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California Indian tribes add wrinkles to sports betting legislation drama

During times of fiscal crisis, governments of all kinds look to regulated vice, like sports betting, to help fill in those budgetary gaps. That’s exactly what lawmakers in California had in mind last week when they introduced a new sports betting bill aimed at helping the state dig itself out of a COVID-19 induced monetary crisis. But legislating gambling in California has never been easy and all roads to change lead through the strongholds of tribal gaming interests.

That’s exactly what happened when State Sen. Bill Dodd of Napa and Assemblyman Adam Gray of Merced attempted to put a measure on the November ballot that would allow for regulated sports betting at Cali Indian casinos and horse racing tracks. As part of their bill, they proposed that card rooms also be allowed house backed card games including baccarat and blackjack. In turn, Indian casinos would be allowed to expand their offerings to include table games like craps. The state would get additional tax revenue and everyone would be happy, right? Wrong.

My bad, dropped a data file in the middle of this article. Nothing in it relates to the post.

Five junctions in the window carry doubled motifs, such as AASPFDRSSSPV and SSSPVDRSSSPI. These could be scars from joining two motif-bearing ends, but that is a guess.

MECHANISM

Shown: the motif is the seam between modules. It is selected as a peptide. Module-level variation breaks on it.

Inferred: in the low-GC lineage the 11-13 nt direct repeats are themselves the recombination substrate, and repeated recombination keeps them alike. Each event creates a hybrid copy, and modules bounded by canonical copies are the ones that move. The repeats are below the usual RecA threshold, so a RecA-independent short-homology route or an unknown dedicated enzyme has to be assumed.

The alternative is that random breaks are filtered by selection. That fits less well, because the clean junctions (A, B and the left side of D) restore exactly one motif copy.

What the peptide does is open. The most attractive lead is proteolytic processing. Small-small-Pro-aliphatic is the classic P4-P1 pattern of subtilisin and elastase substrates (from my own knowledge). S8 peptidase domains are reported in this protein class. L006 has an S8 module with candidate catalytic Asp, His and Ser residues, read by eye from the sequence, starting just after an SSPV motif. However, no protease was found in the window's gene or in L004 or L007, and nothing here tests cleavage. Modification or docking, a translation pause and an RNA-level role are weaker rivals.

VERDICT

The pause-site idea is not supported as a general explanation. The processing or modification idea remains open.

The California Native Indian Gaming Association (CNIGA) issued a statement late last week suggesting that they weren’t thrilled with the new plan. They’re pushing California lawmakers to scrap the plan and just let them lead the way.

Under the proposed sports betting bill, the state would receive a 10 percent tax on land-based wagers and 15 percent on mobile bets. Dodd suggests that allowing sports betting would help the state prevent layoffs, according to the Mercury News.

Previous efforts to expand California gambling have frequently gone down in flames when Indian gaming interests find elements of them they don’t like.